In a 7 to 2 vote, the US Supreme Court upheld "an expansive federal law that punishes people who peddle or seek child pornography, saying Congress's remedy for a growing problem on the Internet does not violate free-speech guarantees," the Washington Post reports. "PROTECT" stands for Prosecutorial Remedies and Other Tools to End the Exploitation of Children Today, and the law not only makes the exchange of child-abuse images illegal but also "any attempt to convince another person that child pornography is available," the Post adds, so it even covers solicitations that don't contain images. Even though critics say the law is "overly broad," this is really good. See why in the Post article or coverage at the New York Times.
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NetFamilyNews – by Anne Collier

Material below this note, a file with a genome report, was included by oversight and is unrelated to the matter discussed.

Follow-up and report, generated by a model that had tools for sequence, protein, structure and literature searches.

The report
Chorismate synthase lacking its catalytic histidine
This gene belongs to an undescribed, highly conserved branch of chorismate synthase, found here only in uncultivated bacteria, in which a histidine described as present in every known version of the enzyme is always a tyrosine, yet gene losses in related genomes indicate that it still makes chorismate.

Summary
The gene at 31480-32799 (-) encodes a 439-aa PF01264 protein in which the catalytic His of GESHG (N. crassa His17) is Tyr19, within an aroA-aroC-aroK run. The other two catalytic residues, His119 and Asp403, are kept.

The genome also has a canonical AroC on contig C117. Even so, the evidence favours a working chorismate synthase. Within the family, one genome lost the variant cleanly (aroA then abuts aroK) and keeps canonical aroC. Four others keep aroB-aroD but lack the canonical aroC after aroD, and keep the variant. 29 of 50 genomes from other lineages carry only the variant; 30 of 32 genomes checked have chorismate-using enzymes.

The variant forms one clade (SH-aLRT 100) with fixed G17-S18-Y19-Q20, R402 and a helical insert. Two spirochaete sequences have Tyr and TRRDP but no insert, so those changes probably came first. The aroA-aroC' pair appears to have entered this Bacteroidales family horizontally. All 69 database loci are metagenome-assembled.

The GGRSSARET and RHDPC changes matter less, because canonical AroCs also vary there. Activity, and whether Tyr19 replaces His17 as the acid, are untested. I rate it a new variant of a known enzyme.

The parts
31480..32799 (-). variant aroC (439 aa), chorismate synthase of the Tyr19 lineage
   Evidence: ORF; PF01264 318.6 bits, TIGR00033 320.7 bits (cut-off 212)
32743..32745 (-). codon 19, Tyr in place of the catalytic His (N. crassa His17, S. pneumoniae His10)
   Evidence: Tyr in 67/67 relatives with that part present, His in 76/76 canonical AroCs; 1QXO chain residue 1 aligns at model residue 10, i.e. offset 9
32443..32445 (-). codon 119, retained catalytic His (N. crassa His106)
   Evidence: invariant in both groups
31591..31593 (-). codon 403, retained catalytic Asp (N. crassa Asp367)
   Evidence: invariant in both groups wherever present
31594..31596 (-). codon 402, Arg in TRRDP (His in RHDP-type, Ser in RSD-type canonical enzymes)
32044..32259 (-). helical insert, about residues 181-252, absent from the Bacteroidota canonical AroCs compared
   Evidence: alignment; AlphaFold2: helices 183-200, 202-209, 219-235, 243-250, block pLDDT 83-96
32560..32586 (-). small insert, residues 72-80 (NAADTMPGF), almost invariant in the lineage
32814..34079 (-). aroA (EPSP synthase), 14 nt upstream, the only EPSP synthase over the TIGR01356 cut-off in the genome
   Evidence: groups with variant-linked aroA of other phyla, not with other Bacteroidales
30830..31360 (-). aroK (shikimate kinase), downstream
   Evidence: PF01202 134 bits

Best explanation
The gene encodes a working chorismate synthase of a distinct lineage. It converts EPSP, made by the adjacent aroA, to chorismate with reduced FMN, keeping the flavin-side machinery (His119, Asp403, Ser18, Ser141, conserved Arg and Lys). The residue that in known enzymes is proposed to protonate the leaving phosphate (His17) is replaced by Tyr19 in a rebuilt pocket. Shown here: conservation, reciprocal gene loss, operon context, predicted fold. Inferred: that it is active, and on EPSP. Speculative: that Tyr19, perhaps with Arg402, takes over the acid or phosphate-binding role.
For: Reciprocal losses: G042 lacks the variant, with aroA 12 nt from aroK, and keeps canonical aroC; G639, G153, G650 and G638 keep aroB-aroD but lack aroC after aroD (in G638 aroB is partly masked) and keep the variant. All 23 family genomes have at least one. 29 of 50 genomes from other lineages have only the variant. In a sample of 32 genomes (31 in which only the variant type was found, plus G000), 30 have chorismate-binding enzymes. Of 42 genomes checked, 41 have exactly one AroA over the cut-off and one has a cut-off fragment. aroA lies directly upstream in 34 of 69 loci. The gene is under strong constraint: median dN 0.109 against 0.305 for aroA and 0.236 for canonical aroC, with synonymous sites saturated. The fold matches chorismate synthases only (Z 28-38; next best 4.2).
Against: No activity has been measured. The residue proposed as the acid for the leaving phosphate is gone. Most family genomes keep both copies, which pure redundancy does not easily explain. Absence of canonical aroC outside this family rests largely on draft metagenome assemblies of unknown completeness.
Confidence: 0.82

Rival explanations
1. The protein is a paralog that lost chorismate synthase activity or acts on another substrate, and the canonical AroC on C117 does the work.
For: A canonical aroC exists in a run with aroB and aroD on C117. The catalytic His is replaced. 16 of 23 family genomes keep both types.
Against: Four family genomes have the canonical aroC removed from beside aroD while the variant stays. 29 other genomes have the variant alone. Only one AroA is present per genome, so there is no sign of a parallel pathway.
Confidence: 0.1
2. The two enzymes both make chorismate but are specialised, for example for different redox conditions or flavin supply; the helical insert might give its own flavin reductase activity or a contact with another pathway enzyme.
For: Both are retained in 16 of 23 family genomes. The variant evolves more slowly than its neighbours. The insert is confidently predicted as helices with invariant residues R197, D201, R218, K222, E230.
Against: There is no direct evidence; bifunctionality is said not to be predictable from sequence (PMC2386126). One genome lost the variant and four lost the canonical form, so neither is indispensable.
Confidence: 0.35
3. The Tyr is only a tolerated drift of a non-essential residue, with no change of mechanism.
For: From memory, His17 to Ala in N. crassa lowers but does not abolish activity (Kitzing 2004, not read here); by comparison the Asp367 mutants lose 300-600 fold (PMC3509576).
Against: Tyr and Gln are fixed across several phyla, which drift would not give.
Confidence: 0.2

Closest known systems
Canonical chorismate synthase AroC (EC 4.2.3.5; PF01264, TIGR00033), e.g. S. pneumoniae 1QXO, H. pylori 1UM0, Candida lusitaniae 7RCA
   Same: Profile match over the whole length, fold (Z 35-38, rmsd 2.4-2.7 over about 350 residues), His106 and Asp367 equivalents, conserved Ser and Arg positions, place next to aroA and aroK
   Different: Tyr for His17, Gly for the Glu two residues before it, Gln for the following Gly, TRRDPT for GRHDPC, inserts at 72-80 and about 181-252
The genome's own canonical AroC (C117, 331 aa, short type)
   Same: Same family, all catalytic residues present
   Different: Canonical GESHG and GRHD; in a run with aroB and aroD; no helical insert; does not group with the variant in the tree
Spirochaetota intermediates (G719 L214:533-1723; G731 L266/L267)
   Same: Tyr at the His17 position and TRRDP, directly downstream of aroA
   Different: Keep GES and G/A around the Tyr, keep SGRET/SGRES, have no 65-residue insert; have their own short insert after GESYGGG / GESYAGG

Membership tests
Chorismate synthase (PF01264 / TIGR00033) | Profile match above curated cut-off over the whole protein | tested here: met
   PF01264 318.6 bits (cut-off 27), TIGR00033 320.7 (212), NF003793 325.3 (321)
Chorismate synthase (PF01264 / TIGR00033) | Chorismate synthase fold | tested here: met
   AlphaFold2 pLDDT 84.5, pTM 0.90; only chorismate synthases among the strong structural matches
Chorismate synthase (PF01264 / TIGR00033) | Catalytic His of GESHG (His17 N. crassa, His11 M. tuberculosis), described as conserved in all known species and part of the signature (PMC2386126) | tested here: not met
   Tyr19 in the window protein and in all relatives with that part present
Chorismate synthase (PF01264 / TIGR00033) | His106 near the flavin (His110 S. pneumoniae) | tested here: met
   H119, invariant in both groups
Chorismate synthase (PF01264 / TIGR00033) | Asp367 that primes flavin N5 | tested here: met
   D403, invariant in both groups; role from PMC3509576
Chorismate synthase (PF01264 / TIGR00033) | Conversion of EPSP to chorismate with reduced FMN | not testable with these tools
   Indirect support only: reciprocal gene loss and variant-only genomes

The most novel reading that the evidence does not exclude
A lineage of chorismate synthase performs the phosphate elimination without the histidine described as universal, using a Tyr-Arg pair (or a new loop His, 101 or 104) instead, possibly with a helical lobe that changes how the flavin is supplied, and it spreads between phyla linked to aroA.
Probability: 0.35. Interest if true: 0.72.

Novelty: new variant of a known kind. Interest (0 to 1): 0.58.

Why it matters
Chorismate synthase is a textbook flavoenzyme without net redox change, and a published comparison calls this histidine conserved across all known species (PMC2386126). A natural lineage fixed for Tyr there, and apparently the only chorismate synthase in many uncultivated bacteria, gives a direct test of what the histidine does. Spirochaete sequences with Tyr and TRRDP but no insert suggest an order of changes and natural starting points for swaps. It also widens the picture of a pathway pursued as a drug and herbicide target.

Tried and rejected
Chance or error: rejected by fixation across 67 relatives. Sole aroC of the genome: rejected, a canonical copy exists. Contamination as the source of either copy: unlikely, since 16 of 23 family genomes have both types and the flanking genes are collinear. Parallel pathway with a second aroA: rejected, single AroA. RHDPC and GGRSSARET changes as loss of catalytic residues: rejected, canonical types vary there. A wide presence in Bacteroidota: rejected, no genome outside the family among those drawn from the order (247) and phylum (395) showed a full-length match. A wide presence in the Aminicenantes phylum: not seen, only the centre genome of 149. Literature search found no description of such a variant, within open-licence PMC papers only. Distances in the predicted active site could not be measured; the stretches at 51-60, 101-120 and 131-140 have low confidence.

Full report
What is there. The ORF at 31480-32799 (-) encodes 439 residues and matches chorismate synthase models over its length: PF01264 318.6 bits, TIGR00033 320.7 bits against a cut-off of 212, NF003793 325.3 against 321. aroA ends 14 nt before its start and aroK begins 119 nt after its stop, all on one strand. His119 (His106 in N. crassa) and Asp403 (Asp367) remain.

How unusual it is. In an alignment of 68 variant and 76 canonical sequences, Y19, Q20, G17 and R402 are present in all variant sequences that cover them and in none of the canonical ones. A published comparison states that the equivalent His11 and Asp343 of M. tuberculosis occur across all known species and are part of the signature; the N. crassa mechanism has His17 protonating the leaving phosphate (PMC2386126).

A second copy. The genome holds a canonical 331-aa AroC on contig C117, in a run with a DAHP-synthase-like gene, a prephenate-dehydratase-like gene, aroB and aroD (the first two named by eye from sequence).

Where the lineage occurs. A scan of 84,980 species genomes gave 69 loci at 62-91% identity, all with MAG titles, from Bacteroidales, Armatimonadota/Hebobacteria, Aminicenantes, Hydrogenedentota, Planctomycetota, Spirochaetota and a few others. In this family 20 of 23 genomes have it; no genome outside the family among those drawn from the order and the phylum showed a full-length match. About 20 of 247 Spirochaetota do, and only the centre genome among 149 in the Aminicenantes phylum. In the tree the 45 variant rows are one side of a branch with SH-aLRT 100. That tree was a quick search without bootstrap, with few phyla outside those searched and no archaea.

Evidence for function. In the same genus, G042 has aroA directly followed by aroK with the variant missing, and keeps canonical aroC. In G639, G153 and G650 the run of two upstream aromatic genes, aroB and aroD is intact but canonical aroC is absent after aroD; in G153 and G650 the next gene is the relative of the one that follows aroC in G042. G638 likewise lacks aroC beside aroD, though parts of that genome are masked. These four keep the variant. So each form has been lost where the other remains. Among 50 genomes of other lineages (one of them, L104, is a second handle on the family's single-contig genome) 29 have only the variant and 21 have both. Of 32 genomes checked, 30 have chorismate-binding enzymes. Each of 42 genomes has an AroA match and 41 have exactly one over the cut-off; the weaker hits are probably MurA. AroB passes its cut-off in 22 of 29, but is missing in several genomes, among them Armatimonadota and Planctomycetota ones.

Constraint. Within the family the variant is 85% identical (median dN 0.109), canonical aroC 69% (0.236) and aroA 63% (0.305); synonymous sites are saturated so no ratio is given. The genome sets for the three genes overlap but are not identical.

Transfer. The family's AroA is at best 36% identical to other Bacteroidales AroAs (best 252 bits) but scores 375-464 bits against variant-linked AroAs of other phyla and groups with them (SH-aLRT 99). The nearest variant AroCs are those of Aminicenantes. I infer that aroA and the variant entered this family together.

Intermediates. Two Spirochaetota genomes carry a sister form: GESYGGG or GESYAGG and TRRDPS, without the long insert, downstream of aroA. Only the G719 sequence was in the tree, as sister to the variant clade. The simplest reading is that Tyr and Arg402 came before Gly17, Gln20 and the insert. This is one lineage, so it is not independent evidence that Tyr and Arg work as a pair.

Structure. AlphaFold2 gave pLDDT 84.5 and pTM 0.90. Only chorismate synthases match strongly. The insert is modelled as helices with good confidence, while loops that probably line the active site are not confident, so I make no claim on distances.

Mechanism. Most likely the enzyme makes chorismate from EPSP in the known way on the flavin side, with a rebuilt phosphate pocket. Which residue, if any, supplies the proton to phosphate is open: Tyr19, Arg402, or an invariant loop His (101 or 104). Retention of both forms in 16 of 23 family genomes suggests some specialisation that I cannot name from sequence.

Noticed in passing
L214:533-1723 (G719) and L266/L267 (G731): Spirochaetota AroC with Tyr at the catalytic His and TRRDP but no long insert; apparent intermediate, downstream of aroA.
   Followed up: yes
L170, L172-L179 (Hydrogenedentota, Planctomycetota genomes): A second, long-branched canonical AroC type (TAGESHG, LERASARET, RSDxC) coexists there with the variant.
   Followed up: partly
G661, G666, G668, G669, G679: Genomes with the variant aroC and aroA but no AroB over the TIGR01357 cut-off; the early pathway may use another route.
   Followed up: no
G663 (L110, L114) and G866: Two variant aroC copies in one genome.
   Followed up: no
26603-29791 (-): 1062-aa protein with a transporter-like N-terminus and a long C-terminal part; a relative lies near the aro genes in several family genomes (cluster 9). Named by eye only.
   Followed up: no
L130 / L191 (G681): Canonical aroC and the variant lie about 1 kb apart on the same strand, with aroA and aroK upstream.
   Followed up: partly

- At the IGF: Youth participation = greater youth e-safety
- Enabling peer protection: Knowledge is empowerment
- Millennials’ changing social media use: Survey
- Heard of Twitch? Amazon has!
- Dealing with the nasties online
- Leadership in bullying prevention and so much more
- Kindness really could be going viral! Just look…
- More clarity on teens’ ‘Am I pretty?’ videos
Analysis & News – by Larry Magid
- UN bringing child rights into the digital age
- IGF attendees complain about censorship in Turkey while some advocate it for youth
- Internet Governance Forum topics include human rights, network neutrality and child protection
- Protecting children online needs to allow for their right to free speech
- It’s time for schools to upgrade both technology and pedagogy
- Why Google (and Facebook) should admit kids under 13
- As Ferguson struggles, Georgia teens create app to rate police departments
- Tech can make driving dangerous, but also safer